BACKGROUND. Circulating testosterone plays an important role in maintenance and growth of prostate cells. Luteinizing hormone (LH), secreted from the anterior pituitary, signals testicular Leydig cells to secrete testosterone. A genetic variant of the LH-β protein, LH-βV, exists in up to 40% of Caucasians and is more bioactive than the wild-type protein. We hypothesized that genetically determined variation in LH function might affect susceptibility to prostate cancer via altered testosterone secretion. METHODS. We determined the frequency of the LH-βV polymorphism (two linked polymorphisms: Trp8 → Arg and Ile15 → Thr) in familial prostate cancer patients (n = 446), in sporadic prostate cancer patients (n = 388), and in population-based controls without prostate cancer (n = 510) to assess the role of this polymorphism in susceptibility to rostate cancer. RESULTS. A higher frequency of this variant genotype (LH-βV: Arg8/Thr15) was observed in familial prostate cancer patients (18.6%) than in controls (13.7%), and after taking into account the correlation of the familial cases and adjusting for age and body mass index (BMI), there was a weak positive association between the variant LH-β genotype, and risk of familial prostate cancer (OR = 1.29; 95% CI 0.96-1.75). The sporadic case group was also slightly more likely to have a variant genotype (15.2%) compared to the controls (13.7%), and after adjustment for age and BMI, a similar association with this variant was found (OR = 1.33; 95% CI 0.86-02.07). Surgical cases showed a slightly stronger association for the variant LH-β genotype compared to non-surgical cases, but among the surgical cases there was little variability in risk across nodal status, stage, and tumor grade. CONCLUSIONS. These data are consistent with the hypothesis that the LH-β variant is a weak risk factor for prostate cancer.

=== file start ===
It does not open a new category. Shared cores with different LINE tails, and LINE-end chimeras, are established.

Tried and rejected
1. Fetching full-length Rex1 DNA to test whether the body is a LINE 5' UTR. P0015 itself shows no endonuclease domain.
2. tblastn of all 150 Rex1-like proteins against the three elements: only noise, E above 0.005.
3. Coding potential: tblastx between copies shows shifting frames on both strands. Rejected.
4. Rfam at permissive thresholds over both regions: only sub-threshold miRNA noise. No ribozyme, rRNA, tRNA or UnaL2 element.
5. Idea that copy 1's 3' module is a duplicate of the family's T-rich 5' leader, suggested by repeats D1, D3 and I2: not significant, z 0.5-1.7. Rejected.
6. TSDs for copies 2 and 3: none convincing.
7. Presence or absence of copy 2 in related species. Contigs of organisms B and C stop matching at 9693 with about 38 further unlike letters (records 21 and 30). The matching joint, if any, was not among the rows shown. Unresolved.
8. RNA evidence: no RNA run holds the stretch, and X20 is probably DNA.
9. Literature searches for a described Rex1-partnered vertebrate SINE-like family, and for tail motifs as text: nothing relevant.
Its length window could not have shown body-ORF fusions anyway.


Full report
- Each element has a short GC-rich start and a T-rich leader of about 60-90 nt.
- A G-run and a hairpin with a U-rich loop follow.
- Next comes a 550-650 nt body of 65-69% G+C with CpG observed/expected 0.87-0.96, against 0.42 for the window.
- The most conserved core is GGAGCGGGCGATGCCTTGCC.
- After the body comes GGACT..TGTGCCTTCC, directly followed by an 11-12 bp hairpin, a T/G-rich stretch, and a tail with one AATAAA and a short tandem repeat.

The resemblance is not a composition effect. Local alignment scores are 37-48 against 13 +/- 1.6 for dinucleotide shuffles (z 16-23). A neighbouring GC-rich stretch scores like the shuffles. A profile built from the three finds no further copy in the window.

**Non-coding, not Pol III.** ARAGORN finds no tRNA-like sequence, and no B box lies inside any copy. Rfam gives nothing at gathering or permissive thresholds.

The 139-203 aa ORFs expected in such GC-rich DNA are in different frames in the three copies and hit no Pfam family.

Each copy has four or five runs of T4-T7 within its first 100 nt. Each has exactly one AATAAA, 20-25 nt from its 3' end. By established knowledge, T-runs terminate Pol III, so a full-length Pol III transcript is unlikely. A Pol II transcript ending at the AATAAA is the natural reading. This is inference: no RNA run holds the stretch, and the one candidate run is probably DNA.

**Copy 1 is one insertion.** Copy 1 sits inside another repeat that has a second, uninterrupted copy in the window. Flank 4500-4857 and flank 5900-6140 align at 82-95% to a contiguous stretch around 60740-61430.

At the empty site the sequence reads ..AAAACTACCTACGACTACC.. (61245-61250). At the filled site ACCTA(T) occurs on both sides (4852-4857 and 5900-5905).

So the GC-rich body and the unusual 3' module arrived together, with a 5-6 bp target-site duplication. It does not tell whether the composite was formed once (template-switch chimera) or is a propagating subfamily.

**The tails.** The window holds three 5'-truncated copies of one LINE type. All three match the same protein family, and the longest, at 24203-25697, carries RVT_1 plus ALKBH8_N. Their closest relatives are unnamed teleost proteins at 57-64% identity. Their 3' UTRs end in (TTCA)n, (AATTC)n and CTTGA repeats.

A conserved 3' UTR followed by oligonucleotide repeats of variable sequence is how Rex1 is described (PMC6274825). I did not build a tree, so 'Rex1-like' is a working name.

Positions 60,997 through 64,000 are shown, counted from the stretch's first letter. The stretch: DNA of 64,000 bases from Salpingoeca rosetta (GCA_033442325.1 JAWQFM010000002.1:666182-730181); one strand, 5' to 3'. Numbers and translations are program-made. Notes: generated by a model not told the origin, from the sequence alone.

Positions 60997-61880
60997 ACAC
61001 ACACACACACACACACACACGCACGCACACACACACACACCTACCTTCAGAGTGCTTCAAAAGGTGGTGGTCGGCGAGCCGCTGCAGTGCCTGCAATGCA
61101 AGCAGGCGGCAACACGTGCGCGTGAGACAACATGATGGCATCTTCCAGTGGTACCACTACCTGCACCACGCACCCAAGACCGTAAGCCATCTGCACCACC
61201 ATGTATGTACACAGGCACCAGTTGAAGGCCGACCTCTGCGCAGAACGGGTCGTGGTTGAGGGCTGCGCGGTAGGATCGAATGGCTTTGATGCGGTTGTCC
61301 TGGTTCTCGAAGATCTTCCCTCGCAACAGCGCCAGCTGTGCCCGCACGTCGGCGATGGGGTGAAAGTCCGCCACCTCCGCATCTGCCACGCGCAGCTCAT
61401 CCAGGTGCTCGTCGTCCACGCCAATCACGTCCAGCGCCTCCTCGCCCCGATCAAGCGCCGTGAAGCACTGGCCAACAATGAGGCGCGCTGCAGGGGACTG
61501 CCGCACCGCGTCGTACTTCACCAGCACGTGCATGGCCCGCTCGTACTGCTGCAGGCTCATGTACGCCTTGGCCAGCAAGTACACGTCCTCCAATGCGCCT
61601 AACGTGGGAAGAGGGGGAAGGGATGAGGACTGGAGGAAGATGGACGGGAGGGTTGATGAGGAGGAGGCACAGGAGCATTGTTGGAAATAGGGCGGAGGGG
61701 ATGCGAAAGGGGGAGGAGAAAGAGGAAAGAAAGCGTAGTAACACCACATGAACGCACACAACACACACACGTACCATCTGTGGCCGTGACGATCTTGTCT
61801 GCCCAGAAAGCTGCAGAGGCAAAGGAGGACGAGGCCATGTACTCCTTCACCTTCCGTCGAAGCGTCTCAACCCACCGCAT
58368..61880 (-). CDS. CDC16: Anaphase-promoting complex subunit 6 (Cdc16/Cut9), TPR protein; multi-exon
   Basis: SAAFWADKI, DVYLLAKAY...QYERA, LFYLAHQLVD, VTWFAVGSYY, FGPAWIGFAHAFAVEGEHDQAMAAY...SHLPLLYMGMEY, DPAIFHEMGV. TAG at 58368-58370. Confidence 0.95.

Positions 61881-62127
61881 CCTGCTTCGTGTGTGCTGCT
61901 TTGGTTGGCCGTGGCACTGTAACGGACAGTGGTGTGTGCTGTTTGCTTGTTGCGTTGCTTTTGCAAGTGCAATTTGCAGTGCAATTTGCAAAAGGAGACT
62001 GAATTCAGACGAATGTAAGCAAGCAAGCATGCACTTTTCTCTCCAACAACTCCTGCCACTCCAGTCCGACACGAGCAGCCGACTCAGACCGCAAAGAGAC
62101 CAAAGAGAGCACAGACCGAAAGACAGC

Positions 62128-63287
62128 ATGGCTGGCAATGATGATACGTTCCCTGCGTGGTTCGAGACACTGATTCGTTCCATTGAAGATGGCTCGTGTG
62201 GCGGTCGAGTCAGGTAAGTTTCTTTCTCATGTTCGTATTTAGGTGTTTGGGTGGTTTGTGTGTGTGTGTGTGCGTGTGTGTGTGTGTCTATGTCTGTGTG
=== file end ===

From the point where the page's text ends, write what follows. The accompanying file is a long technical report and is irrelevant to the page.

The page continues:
All Science Journal Classification (ASJC) codes